In order to calculate the power, they simply multiply the RMS values of the voltage and current. This way of measuring the power works well when the waveform for both current and voltage is an ideal sinusoid (as it is produced in the generators at power-plants). Nowadays the waveform of both voltage and current are never ideal due to non-linear loads and also non-linear generation units. This way of calculating the power is outdated, especially when measuring inverters, the calculation will mostly be completely wrong.

How a conventional power analyzer calculates the power of an AC system

Conventional power analyzers calculate the RMS values of the voltage and current out of each sample point. The RMS values are calculated out of the square root of all squared sample points of the curve divided by the number of samples.

\[RMS = \sqrt{ \frac {1}{n} \sum_{i=1}^n U_i^2 } \]

How Dewesoft calculates the power of an AC system

As mentioned earlier conventional power analyzers calculate the power in the time domain. Dewesoft on the other hand calculates power in the frequency domain. With the predetermined period time, an FFT analysis for voltage and current is done for a definable number of periods (typically 10, with electrical applications) and a definable sampling rate. The FFT yields an amplitude for the voltage, current and the cos phi for each harmonic. One major benefit of this FFT transformation is that the behavior of amplifiers, current or voltage transducers in amplitude and phase for the whole frequency range (using the Sensor XML) can now be corrected. This way of power analysis has the highest possible accuracy. Another benefit is that harmonic analysis and other power quality analysis can be done completely synchronized to the fundamental frequency.

With the FFT corrected values, the RMS voltages and currents are calculated out of the RMS values of each harmonic.

\[U_{RMS_{total}} = \sqrt{U_0^2 + U_1^2 +U_2^2 + \cdot \cdot \cdot + U_n^2  }\]

\[I_{RMS_{total}} = \sqrt{I_0^2 + I_1^2 +I_2^2 + \cdot \cdot \cdot + I_n^2  }\]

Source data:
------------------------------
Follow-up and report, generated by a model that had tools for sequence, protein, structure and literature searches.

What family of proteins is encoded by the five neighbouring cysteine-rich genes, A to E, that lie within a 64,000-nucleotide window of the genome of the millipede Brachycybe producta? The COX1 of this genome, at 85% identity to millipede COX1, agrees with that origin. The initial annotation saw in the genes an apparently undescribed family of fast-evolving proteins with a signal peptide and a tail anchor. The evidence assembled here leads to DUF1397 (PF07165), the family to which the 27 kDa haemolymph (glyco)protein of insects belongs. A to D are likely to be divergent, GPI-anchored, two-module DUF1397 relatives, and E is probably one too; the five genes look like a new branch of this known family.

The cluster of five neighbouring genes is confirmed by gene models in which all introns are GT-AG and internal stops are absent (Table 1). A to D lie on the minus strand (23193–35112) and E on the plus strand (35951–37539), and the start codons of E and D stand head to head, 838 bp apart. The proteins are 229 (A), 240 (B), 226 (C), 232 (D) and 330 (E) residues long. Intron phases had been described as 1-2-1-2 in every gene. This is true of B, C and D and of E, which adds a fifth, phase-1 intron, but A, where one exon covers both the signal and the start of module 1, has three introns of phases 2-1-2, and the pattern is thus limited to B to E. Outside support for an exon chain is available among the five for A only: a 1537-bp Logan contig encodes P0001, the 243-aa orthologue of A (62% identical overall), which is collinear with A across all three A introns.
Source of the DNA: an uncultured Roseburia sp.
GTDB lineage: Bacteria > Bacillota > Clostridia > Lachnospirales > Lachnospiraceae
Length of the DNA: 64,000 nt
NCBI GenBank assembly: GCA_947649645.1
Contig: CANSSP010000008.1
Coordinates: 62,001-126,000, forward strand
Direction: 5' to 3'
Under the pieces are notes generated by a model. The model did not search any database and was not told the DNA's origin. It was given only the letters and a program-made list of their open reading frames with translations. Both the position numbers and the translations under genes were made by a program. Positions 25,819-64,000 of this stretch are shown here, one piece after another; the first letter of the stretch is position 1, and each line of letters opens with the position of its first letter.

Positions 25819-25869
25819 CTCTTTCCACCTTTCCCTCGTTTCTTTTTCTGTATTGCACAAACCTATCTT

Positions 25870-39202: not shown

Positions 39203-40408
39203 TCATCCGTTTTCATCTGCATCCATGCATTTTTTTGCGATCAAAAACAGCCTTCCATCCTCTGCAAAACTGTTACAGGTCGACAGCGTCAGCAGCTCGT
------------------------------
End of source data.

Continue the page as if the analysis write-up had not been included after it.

The power values for each harmonic and the total values are calculated wit the following formulae: 

 Table 1: Alternating current  power equations

Some of the benefits of the Dewesoft power calculation method compared to conventional methods are as follows

  • Raw data storing simultaneous to power analysis
  • Additional sensor calibration for amplifier and sensors for amplitude and phase for the full frequency spectrum
  • Easy power quality analysis (harmonics, inter harmonics, higher frequencies)
  • Resampling
  • Period values for power, voltage, current and symmetrical components 

AC power can be classified into three different types of power, these are called active power, reactive power and apparent power. 

Power triangle

The power triangle illustrates the relation between active, reactive and apparent power.

Image 5: Power triangle

In the diagram, P is the active power, Q is the reactive power (in this case positive), S is the complex power and the length of S is the apparent power. Reactive power does not do any work, so it is represented as the imaginary axis of the vector diagram. Active power does do work, so it is the real axis.

Active power - P

Active power is measured in Watt (W) and refers to the energy transfer from an electric generator to a load. The active power is the power which can be used by electric loads (useful power).

\[P =  U \cdot I \cdot cos(\varphi)\]

Reactive power - Q

The reactive power is measured in Volt-Ampere-reactive (VAr). The reactive power doesn’t consist of energy but is necessary for most types of magnetic equipment (motors, transformers) to work. Reactive power is provided by generators, synchronous condensers or electrostatic equipment such as capacitors and directly influences the electric system voltage and also the capacity of the power transmission line.

\[Q = U \cdot I \cdot sin(\varphi) = \sqrt{S^2 - P^2}\]

Apparent power - S

Apparent power is measured in Volt-Amperes (VA) and is the voltage on an AC system multiplied by the total current that flows in it. It is the vector sum of the active and the reactive power.

\[S = U \cdot I\]

Power factor

The ratio between active power and apparent power in a circuit is called the power factor. For two systems transmitting the same amount of active power, the system with the lower power factor will have higher circulating currents due to energy that returns to the source from the energy storage in the load. These higher currents produce higher losses and reduce the overall transmission efficiency. A lower power factor circuit will have a higher apparent power and higher losses for the same amount of active power. The equation is multiplied by 100 to yield the power factor in percent.

\[ PF = \frac{P}{S} \cdot 100\]

Cos Phi

Cos phi is the angle difference between a phase voltage relative to the current. The difference between cos phi and the power factor is that the cos phi is calculated for each individual harmonic starting at the fundamental frequency compared to the power factor which includes the whole spectrum (all harmonics).

Power triangle analogy to beer